- This study involved profiling of humoral immune responses to influenza and pertussis vaccines and to SARS-CoV-2 infection in blood samples from pregnant women with and without COVID-19 and from their neonates' cord blood (no neonates were infected with SARS-CoV-2)
- In the COVID+ dyads, titers of antibodies to SARS-CoV-2 were lower in cord blood than in maternal samples, and the immune functionality of the antibodies in cord blood was reduced, but only when women were infected in the third trimester
- The most significant contributor to poor placental antibody transfer seemed to be changes in IgG glycosylation
- In COVID+ dyads, two mechanisms appeared to augment SARS-CoV-2 antibody transfer: increases in total maternal IgG and co-localization of receptors that facilitate placental antibody transfer
- These findings may be relevant to developing vaccines and planning the timing of vaccination for pregnant women and their newborns
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Vertical transmission of SARS-CoV-2 is a rare event, as Massachusetts General Hospital researchers recently reported. However, in that study transplacental transfer of antibodies to SARS-CoV-2 was inefficient, implying that neonates and infants are vulnerable to infection subsequently.
For protection against other pathogens, neonates rely on the transfer of maternal immunoglobulin G (IgG) across the placenta. In Cell, Mass General researchers, led by Andrea G. Edlow, MD, MSc, an investigator in the Vincent Center for Reproductive Biology, and Galit Alter, PhD, principal investigator at the Ragon Institute of Mass General, MIT and Harvard, describe research that found that transfer of IgG across the placenta of SARS-CoV-2–infected pregnant women is impaired by alterations in antibody glycosylation—but that compensatory mechanisms exist to protect the neonate. These findings have implications for designing vaccines against SARS-CoV-2 for pregnant women and infants.
The researchers profiled humoral immune responses to influenza and pertussis vaccination and to natural infection with SARS-CoV-2 in maternal blood samples and cord blood from:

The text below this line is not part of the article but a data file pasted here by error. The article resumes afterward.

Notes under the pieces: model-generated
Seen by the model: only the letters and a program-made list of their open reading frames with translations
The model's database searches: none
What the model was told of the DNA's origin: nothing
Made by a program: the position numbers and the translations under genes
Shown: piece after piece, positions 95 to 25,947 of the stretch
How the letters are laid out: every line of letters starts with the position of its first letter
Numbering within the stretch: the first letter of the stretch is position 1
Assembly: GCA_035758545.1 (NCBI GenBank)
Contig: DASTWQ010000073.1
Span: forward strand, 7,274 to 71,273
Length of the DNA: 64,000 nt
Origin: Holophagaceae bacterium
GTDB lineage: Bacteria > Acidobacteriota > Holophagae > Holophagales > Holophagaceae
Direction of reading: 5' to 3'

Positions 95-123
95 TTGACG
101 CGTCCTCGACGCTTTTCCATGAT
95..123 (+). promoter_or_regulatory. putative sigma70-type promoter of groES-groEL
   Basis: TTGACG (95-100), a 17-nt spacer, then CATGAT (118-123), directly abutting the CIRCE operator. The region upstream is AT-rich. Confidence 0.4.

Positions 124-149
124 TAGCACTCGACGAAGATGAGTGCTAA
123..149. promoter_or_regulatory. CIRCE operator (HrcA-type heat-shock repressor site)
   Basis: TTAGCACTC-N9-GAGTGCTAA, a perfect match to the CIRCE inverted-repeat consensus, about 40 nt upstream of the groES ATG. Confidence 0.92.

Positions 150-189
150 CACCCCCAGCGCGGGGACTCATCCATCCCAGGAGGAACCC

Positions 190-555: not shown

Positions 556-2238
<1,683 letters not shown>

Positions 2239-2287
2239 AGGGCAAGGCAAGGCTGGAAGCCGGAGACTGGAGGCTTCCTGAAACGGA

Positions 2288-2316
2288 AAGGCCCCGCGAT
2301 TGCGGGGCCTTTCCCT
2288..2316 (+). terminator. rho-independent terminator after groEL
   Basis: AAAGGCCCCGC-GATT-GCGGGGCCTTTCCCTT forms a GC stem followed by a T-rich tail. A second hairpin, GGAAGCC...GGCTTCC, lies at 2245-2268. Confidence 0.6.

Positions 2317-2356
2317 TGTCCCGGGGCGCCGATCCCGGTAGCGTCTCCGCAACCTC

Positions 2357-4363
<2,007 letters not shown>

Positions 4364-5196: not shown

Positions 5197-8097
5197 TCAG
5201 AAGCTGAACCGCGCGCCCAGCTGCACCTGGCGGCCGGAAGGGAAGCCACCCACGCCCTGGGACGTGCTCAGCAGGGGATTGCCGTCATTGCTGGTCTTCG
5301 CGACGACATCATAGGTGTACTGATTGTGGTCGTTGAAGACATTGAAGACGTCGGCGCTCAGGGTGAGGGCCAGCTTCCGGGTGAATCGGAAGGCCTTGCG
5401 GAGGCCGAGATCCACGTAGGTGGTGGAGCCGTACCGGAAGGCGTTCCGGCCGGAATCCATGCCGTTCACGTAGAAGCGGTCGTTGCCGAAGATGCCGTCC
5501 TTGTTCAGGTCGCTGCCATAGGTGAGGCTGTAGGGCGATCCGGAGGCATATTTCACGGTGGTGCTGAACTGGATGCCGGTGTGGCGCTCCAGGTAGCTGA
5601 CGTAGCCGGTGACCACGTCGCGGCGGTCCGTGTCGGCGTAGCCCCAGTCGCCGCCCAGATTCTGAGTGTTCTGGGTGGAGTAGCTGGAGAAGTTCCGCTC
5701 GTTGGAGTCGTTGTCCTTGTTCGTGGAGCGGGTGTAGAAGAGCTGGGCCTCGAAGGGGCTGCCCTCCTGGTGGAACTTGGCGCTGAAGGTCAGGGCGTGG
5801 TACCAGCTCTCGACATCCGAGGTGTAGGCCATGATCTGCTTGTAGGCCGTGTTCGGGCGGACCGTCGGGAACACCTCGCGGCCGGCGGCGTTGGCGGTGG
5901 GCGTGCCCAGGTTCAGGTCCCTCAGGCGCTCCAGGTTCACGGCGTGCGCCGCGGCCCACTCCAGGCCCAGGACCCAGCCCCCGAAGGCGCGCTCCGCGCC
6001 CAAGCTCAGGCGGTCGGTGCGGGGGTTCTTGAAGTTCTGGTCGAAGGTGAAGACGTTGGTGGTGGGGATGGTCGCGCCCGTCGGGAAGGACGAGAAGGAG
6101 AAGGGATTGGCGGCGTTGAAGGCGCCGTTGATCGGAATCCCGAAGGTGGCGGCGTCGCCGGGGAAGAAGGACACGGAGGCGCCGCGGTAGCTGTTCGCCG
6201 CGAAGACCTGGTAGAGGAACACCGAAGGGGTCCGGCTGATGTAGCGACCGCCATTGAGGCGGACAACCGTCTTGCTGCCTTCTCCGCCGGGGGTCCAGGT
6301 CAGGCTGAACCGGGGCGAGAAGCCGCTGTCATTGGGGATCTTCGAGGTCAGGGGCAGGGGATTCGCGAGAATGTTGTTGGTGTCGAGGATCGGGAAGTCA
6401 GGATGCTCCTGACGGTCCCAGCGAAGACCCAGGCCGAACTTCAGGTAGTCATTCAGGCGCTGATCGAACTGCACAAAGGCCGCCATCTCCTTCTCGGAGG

- 22 women who tested positive for SARS-CoV-2 infection in the third trimester of pregnancy and their neonates (although no neonates became infected, these dyads were designated COVID+)
- 34 contemporaneously enrolled mother–neonate dyads who tested negative (COVID–)
As expected, influenza- and pertussis-specific IgG was higher in cord blood than in maternal blood in the COVID– dyads. The same was observed in the COVID+ dyads, showing that the placentas of COVID+ women were able to transfer antibodies.
Surprisingly, though, in the COVID+ dyads, titers of antibodies to SARS-CoV-2 were lower in cord blood than in maternal samples. The immune function of the antibodies in cord blood was also reduced. Interestingly, this defect was exclusive to the third trimester; efficient SARS-CoV-2 antibody transfer was observed in women infected during the second trimester.
Mechanism of the Alteration
The most significant contributor to poor placental antibody transfer were changes in IgG glycosylation, which may be altered in the setting of acute infection compared to vaccination-generated antibodies. They found:
- Many maternal antibodies specific to the spike protein of SARS-CoV-2 exhibited enhanced galactosylation
- In contrast, SARS-CoV-2 antibodies that transferred best to cord blood tended to be agalactosylated
- However, antibodies in cord blood also tended to be afucosylated—they lacked fucose, which interferes with natural killer cell activity—and would make neonates better able to fight infection if exposed to SARS-CoV-2
Elevated IgG levels were observed in COVID+ women and were associated with the enhanced placental transfer of all antibodies, especially agalactosylated/afucosylated antibodies.
Receptors that facilitate placental antibody transfer were co-localized in placentas of COVID+ mothers, and expression of one of these receptor types was elevated. Like higher IgG levels, these changes might promote the transfer of the afucosylated antibodies that can drive enhanced natural killer cell activity in neonates.
Implications for Protecting Infants
These data suggest a delicate, previously unappreciated balance during third-trimester pregnancy. SARS-CoV-2 infection results in:
- Changes in antibodies that protect the mother but reduce the transfer of antibodies to the neonate
- Compensatory placental changes to try to optimize transfer of the most effective antibodies to the neonate
These findings may be relevant to developing vaccines and planning the timing of vaccination for pregnant women and their newborns. Vaccines that drive high levels of afucosylated and galactosylated antibodies may optimize placental transfer and protection from infection.
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